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‘Full Frontal with Samantha Bee’ Producers on How They Covered a Rarity: A Positive, Bipartisan Political Win — Watch

Following up on last year's story about untested rape kits, "Full Frontal" recounts how a bill in the Georgia state legislature to mandate those cases be prosecuted defied the odds and passed.

Full Frontal with Samantha Bee, Photo By Myles Aronowitz

“Full Frontal with Samantha Bee”

Myles Aronowitz

Full Frontal with Samantha Bee” hasn’t chronicled many happy endings lately, but managed to celebrate a big win on Wednesday night’s episode.

A year ago, “Full Frontal” examined the national epidemic of rape kit backlogs – in which physical evidence from rapes are sitting on shelves across the country, waiting for years to be investigated by police. In Georgia, a bill was recently passed to change that – but it didn’t come easy.

Last year’s story noted how Georgia’s state House had passed an earlier bill to mandate rape kits be prosecuted – but that one state Senator, Renee Unterman, was blocking a similar bill. Eventually, Georgia State Rep. Scott Holcomb, a Democrat, partnered with House Speaker David Ralston, a Republican, to find a way to trigger the bill to make it to the floor of the State Senate.

In a nail-biting climax, the bill was approved in the final minutes of Georgia’s state legislative session last year.

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Last December, while visiting New York, Holcomb stopped by the “Full Frontal” offices, where he recounted the wild tale of how he squeaked out a legislative win.

“We were on the edge of our seat literally as he told the story,” producer Hannah Wright told IndieWire. “He sat us down and told us the whole story behind it, which we didn’t know the extent of, and it was just so dramatic and cinematic. Afterward we realized we had to somehow either do a re-creation with actors or animation, which is what we ended up doing.”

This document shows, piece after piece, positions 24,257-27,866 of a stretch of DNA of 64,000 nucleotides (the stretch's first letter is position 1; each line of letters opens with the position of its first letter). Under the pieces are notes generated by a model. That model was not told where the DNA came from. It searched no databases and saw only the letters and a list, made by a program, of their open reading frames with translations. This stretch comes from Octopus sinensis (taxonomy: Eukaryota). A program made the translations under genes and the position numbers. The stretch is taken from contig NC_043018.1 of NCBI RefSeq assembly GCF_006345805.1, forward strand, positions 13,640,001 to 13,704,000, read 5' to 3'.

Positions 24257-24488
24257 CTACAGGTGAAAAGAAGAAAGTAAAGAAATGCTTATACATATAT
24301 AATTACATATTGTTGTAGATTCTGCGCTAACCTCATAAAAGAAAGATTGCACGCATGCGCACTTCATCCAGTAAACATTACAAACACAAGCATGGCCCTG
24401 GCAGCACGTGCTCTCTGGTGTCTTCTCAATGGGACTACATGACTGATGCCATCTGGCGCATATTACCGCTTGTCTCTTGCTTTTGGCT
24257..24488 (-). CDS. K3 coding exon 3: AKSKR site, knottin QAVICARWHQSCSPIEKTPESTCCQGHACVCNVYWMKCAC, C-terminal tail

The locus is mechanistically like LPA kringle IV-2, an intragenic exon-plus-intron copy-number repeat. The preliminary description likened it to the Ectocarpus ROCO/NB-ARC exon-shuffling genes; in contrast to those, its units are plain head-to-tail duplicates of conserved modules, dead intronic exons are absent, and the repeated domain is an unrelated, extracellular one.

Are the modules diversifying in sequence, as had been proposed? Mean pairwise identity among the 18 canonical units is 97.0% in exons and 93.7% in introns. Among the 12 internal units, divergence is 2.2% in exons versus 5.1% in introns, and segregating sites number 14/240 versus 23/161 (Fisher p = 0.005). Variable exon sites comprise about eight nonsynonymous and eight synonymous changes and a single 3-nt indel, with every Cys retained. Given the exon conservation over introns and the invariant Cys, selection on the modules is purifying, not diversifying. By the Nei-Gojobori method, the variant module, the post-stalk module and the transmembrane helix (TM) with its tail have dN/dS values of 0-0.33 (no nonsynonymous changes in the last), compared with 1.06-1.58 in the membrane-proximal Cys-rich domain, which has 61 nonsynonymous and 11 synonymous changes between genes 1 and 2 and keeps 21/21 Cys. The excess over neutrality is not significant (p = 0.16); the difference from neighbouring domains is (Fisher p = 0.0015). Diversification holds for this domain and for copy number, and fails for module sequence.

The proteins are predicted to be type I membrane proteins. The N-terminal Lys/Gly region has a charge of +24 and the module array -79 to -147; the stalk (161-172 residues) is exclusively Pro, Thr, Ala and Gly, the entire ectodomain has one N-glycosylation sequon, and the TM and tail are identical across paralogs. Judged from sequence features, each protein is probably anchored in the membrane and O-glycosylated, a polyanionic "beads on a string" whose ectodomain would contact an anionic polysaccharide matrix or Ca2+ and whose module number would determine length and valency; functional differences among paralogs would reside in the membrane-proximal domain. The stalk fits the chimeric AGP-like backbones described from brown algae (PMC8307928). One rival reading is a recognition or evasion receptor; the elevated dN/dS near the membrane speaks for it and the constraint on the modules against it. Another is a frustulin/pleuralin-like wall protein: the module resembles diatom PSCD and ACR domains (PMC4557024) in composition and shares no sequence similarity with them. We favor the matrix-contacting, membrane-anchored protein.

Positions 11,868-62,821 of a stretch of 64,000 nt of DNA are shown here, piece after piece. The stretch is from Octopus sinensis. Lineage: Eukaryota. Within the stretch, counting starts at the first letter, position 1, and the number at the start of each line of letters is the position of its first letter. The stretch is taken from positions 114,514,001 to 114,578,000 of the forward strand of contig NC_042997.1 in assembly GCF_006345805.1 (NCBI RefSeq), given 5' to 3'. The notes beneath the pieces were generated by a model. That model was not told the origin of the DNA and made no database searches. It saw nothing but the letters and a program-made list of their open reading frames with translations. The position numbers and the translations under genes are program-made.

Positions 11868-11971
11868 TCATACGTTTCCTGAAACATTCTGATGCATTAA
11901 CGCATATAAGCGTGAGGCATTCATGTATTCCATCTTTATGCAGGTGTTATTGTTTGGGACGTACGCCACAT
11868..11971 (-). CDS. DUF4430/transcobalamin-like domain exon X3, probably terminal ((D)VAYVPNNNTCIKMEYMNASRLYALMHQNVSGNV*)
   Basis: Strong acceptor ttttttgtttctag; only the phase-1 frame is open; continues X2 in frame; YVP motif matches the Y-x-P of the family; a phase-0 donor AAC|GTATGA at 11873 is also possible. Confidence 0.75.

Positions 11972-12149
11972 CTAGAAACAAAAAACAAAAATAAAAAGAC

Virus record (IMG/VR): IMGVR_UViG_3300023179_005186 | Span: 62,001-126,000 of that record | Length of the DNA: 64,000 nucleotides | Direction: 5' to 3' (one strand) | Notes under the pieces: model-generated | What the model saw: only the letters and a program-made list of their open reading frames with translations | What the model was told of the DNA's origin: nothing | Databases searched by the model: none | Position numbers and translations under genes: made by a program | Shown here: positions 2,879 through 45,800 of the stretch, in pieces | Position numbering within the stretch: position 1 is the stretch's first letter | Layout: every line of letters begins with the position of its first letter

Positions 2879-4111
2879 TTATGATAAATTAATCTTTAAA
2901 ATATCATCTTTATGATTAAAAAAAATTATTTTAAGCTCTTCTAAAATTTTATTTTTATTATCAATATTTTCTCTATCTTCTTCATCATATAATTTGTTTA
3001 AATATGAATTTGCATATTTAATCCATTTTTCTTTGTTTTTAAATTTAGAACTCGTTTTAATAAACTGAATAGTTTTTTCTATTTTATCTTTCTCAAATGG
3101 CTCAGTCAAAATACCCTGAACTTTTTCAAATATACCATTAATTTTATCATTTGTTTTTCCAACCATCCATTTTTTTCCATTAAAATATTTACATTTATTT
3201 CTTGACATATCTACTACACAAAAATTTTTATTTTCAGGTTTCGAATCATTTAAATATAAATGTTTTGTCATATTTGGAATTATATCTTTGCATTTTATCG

Daniel Spenser Levine animated the piece, which Wright called “Schoolhouse Rock on steroids” (a line actually used in the story).

“Full Frontal with Samantha Bee”

TBS

Then, “we flew down to Atlanta in February and shot with both Scott and Speaker Ralston,” said producer Pat King. “We’ve been working on it ever since.”

Holcomb and Ralston didn’t pull punches when it came time to criticize Unterman for dragging her feet. “That was helpful!” King said. “Everybody involved wanted to tell this story. I think everybody in the country is fed up with gridlock and parties being at each other’s throats. For the speaker and Scott, this was a great way to highlight that we actually can come together, work together to get something done when we have to.”

The original “Full Frontal” piece helped shine a national spotlight on Georgia’s predicament, but the show didn’t take any credit for ending the gridlock. Still, according to Wright, “I remember Scott saying that a lot of his colleagues were passing around iPads on the floor the next day watching the [original] piece.”

Producer Pat King was struck by the spirit of camaraderie in the Georgia State House that led to the bill’s passage.

“It’s a rare example of bipartisanship, people coming together to work on something they believe in,” King said. “It’s also an example of, if you want to make lasting change it takes a lot of work, even when it’s unanimously supported.”

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It was also a rare example of aggressive local journalism, especially by Atlanta’s WXIA-TV, which “Full Frontal” picked up on and helped expose to a national audience.

“They were the main source for the footage I was able to find for all the Georgia news going on,” Wright said. “I use them for other pieces. We’ve done a couple of local Georgia stories now. They’re very helpful.”

King said he’s eager to showcase similarly positive stories, even though they’re hard to find. “We are actively trying to look for these bright spot stories that are out there,” he said. “They’re probably not going to be happening at the national level, so we’re looking to states and localities for bright spots in politics today.”

Among the messages King hopes to get to audiences: “Get involved in politics at a local and state level. So much of the time is spent focused on the presidency and Congress that people forget to get involved on a local level. I’m hoping something like this can inspire people to get involved, run for school board, run for their own state legislature, something like that.”

Watch the full report below:

And heres the original report, from 2016:

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